The First Superstars
Cerys Matthews and Tris Penna explore the legacy of early UK gramophone records: 1902 and the songs of Nellie Melba. From 2015.
Singer Cerys Matthews and music expert Tristram Penna conclude their investigation into the very earliest days of the recording industry in the UK.
1902 was the year that changed everything for the Gramophone Company and was the real starting point for the record industry of the 20th Century. Fred Gaisberg was on his way to Rome to record the Pope when he stopped in Milan to hear an acclaimed new tenor. His name was Caruso.
He wanted Caruso to record ten songs, but he asked for a payment of £100 - an exorbitant sum. The Company Chairman telegraphed back forbidding Gaisberg to go ahead, but Fred decided that this new tenor was too good to miss. The tenor voice was uniquely well suited to early disc recording machines and one of earliest records of Caruso was the first to sell over a million copies. The success of Caruso as a recording artist led directly to bookings at the New York Met and London's Covent Garden - the first time that being a recording artist had a major impact on a singer's career.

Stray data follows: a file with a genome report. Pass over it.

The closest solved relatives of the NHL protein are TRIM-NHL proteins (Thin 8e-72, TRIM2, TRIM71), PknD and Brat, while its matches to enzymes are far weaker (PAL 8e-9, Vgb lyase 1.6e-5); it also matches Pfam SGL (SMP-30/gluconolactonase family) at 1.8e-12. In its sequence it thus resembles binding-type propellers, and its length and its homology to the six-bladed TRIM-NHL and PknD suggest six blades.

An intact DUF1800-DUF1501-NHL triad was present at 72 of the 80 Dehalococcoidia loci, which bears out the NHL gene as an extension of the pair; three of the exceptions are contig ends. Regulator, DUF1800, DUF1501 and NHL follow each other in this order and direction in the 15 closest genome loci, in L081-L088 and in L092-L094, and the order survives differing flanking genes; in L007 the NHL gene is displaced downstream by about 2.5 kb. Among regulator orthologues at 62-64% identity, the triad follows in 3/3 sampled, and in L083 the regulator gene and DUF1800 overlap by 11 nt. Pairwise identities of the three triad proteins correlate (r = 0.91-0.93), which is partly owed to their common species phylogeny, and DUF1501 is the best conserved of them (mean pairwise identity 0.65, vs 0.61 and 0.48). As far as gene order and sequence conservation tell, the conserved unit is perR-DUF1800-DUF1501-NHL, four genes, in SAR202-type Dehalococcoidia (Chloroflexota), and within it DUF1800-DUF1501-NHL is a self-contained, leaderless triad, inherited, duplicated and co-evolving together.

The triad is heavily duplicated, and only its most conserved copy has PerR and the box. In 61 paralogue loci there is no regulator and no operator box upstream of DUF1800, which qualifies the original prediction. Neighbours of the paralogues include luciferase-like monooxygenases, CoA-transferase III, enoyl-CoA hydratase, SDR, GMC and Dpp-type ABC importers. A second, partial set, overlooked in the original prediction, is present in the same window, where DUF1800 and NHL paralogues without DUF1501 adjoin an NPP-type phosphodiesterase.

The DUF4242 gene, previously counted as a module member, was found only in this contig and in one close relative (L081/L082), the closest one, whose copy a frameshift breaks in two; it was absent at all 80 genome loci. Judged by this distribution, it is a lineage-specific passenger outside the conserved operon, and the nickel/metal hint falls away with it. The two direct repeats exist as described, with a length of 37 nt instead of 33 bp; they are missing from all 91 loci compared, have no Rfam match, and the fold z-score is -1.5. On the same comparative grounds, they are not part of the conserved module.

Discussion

Another popular classical singer was Nellie Melba, the Queen of Song, who negotiated and popularised the idea of a royalty being paid to the artist for each disc sold.
Over the next few decades, recording innovations and the invention of the electric microphone meant that tenor and strident voices no longer held the upper hand, as singers of both sexes could purr and be heard.
We also hear from manager Simon Napier-Bell and music journalist Peter Doggett. The early recordings are courtesy of the EMI Archive Trust.
A Sue Clark production for BBC Radio 4.
First broadcast on BBC Radio 4 in November 2015.
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